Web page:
Since our campaign began, the BBC has said it will show the whole of the UEFA Women’s Euros for the first time this July, and Maria Miller, secretary of state for culture, media and sport, has urged sports broadcasters to feature more women. The state of women in sport is changing, and we’re more than halfway there in our bid to get 10,000 signatures to persuade those in power that it should continue to do so.
To help us in our battle against sexism in sport, sign our petition.
Meet the winners of our Fair Game awards
Introducing the five athletes chosen to receive a £2,000 bursary from adidas
From left: Fair Game judge Guin Batten from the Youth Sport Trust (which supported Stylist's Fair Game bursary), Stylist acting editor Susan Riley, Jasmin, Fran, Nekoda, Nicky Waller from Adidas and Adele (Alex was away training)
Fair Game Winners portraits by David Woolfall for Stylist
On Twitter: @nekodadavis_57
ABOVE: Nekoda at the Stylist Fair Game lunch
Nekoda won three gold medals in 2012 and climbed to second in the European junior rankings. She is planning to compete at the Pan American World Cup in El Salvador this June and is hopeful for the 2016 Olympics in Rio.“Despite my success, I felt like a nobody. Winning this award feels like my hard work has finally paid off. The money will pay for new judo gi [uniforms].”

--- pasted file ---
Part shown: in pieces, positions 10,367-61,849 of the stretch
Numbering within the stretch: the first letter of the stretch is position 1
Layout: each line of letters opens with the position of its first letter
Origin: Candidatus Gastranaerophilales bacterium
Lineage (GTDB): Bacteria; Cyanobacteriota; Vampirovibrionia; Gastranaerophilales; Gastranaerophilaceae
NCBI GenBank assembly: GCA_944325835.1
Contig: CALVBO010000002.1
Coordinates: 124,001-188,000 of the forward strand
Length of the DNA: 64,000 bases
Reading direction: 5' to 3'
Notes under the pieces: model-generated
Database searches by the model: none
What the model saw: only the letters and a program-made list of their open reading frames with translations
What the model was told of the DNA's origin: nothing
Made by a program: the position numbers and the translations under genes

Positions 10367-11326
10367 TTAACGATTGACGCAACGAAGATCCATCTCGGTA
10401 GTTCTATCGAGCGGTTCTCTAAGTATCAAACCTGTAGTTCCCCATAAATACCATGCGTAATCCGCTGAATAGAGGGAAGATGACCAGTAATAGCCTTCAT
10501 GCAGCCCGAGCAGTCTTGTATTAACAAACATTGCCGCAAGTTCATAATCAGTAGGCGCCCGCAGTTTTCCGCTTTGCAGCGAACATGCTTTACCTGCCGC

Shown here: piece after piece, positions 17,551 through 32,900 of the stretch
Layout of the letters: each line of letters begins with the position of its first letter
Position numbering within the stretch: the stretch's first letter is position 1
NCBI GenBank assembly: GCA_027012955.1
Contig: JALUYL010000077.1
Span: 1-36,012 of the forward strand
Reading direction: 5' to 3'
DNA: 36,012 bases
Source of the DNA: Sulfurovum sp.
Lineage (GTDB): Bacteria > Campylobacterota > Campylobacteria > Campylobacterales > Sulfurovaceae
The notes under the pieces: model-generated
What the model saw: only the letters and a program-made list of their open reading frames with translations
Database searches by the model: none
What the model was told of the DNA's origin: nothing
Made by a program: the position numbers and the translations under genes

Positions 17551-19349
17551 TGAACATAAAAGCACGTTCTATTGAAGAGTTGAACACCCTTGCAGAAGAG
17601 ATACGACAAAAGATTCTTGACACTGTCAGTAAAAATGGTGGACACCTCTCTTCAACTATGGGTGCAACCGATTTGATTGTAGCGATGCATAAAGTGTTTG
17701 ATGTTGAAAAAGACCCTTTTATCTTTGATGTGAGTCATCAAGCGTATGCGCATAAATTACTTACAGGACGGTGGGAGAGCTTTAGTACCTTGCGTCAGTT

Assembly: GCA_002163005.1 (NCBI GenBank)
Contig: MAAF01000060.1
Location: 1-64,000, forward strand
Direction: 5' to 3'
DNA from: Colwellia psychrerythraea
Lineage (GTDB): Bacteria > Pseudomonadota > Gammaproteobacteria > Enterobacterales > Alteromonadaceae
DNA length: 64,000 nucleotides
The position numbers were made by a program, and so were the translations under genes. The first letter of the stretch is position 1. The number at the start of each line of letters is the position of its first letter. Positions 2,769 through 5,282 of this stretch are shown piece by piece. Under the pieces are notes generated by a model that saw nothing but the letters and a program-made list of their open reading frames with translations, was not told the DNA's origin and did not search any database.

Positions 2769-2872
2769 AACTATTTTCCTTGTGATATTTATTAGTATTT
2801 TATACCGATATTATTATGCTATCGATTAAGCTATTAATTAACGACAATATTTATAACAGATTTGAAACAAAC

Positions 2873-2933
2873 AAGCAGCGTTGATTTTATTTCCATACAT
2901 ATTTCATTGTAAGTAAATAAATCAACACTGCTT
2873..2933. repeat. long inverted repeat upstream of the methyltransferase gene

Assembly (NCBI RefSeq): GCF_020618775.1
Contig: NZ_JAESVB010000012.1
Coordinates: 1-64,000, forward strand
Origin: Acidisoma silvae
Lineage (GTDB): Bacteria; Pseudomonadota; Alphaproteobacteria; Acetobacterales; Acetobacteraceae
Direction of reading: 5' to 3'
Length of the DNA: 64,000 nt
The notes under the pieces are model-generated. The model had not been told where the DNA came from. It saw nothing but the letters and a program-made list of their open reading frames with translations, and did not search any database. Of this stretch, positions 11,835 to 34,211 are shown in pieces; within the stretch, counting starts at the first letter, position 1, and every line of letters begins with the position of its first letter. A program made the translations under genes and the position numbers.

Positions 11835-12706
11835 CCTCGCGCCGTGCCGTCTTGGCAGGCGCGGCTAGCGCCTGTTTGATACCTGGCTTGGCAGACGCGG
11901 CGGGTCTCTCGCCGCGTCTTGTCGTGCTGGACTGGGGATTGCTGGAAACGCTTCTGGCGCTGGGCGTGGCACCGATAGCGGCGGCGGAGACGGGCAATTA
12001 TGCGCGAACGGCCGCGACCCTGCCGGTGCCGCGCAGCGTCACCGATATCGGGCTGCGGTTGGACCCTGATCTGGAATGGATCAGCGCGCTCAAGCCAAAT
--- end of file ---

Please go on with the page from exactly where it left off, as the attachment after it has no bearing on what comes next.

ABOVE AND BELOW: Nekoda mid-fight and with fellow competitors at the Judo European Cup
On Twitter: @franrbrown
ABOVE: Fran at the Stylist Fair Game lunch
Fran is the world number one paraclimber (an adapted form of rockclimbing). She partially lost the use of her legs following a spinal cord injury. “Being a para-athlete I pay for everything twice because my coach, Jimmie, has to travel with me. I’m really grateful for this support.”
ABOVE AND BELOW: Fran climbing and in her early days
On Twitter: @jasmintaylor
ABOVE: Jasmin at the Stylist Fair Game lunch
Jasmin lives in Chamonix, France, between December and April. She is the Overall French Cup telemark champion (where the heel lifts off the ski) and hopes her discipline will become an Olympic sport. “Off-season I work as a personal trainer to cover my flight costs. This bursary will take some pressure off.”
ABOVE AND BELOW: Jasmin skiing and collecting her medal on the podium
On Twitter: @adelle_tracey
ABOVE: Adelle at the Stylist Fair Game lunch
Adelle was selected by Dame Kelly Holmes as one of seven promising athletes to light the Olympic cauldron at the 2012 opening ceremony. Qualifying for the 2016 games is her goal.“Winning Fair Game has been the highlight of this year. My mum usually pays for everything from new kit to physio.”
ABOVE AND BELOW: Adelle competing in her childhood days
On Twitter: @alexgreenwood16
ABOVE: Alex (left) competing against Liverpool Ladies FC in August 2012 Photo: Getty Images
Alex joined Everton aged eight and is a full-back. Last year she won the FA Young Player Of The Year award. “I’m honoured to have been recognised outside of the football world. The money will help with gym costs, equipment and nutrition supplements."